Where might extraterrestrials live? The first step is figuring out what other planets out there have conditions like our own.
Scientists using NASA's Kepler space telescope are working hard to find candidates for inhabitable planets. So far, it seems that for approximately every two stars in the galaxy, there is one possible planet, NASA's William Borucki said Saturday at the American Association for the Advancement of Science annual meeting in Washington.
Researchers have found some 1,200 candidate-planets and, of them, about 54 are earth-size candidate planets in habitable zones - in other words, perhaps at a distance from their stars that may be suitable for life. Earlier this month officials at NASA announced the discovery of five probable planets about the size of Earth, as well as six larger than our planet that are orbiting a single star. But bear in mind that Venus is also considered an "Earth-sized planet," and clearly no lifeforms live there (as far as we know).
Scientists on the Kepler mission revealed Saturday that you're probably going to have to wait until at least 2012 to find out anything substantial about the habitability of what appear to be Earth-sized planets. That's because scientists need to be able to see three transits of a planet around a star in three years before they'd be willing to say too much about them, and the project has only been going since 2009 (after all, our planet goes around the sun three times in three years).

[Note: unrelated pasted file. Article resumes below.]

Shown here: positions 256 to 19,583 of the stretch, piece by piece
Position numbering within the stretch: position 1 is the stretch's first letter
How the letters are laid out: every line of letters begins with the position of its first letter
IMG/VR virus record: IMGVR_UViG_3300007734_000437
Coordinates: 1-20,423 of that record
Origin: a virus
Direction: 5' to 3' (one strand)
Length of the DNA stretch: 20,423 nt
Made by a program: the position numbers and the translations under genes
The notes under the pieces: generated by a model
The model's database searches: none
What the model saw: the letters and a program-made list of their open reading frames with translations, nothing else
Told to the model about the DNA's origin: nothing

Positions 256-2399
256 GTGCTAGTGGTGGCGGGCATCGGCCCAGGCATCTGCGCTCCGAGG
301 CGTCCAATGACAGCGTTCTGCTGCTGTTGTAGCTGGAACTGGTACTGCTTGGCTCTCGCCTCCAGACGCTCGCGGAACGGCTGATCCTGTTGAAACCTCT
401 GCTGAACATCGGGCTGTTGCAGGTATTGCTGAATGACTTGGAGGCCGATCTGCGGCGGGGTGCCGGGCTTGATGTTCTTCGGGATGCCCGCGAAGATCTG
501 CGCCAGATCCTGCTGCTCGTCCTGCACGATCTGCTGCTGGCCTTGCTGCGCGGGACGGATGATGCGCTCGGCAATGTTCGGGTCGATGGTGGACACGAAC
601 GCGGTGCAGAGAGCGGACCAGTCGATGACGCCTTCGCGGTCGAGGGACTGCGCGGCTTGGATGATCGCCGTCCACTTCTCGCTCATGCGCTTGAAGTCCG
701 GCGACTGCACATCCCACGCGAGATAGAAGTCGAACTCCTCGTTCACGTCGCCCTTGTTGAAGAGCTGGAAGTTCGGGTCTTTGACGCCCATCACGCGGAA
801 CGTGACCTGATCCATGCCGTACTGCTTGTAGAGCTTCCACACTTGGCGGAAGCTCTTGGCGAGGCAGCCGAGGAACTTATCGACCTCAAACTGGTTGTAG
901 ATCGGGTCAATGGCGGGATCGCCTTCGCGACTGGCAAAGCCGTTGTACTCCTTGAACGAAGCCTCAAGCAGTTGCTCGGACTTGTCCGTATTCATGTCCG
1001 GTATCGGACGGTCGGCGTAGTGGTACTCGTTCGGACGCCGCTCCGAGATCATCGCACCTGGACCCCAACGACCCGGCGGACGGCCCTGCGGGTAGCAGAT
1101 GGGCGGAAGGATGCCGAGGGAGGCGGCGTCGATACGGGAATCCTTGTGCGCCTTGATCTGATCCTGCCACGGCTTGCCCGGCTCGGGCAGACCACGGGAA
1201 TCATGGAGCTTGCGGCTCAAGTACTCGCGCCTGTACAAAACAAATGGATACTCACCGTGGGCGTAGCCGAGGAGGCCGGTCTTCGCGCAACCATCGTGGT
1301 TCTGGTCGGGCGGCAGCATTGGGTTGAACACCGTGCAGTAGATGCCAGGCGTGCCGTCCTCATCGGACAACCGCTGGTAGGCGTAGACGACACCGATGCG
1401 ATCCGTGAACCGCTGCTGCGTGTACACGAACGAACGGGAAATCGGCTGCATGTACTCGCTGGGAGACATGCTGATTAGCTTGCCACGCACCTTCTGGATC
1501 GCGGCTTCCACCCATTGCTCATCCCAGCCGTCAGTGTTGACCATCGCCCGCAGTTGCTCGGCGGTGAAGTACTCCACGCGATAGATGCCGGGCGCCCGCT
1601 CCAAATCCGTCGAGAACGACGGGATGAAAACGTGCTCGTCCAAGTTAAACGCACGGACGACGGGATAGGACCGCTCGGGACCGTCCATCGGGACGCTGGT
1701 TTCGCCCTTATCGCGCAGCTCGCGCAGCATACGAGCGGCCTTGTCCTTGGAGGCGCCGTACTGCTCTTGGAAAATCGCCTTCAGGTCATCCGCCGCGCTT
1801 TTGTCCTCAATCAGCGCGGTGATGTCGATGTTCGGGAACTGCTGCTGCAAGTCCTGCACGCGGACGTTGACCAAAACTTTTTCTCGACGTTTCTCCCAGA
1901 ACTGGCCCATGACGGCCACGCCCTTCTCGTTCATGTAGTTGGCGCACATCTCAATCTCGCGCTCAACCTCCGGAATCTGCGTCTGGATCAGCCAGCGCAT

And even then, Kepler wasn't designed to look at individual planets. But it might identify some that the James Webb Space Telescope, which will launch in 2014, can probe in further detail, looking at atmospheres and such. And note that the probability of having found our own particular planet using Kepler technology is only 12%.
And we won't be traveling to meet our potential new neighbors anytime soon. The stars about the size our sun that Kepler has been looking at are about 1,000 to 3,000 light years away, where one light year is about 6 trillion miles.
But there have been some fascinating surprises from the Kepler mission. One of them is that there appear to be a remarkable number of planets about the size of Neptune, which has a diameter four times that of Earth, said Sara Seager, physicist at Massachusetts Institute of Technology.
The planet Kepler-10b, shown in the photo above, is a particularly interesting find because it likely has no atmosphere, but does have liquid oceans that are essentially lava lakes, she said.
The existence of many small planets in the galaxy that Kepler has found also amazed scientists, because there was a possibility that they would have been destroyed by larger planets long ago.
"It was a wonderful surprise to see this large number of small planets we have found," Borucki said.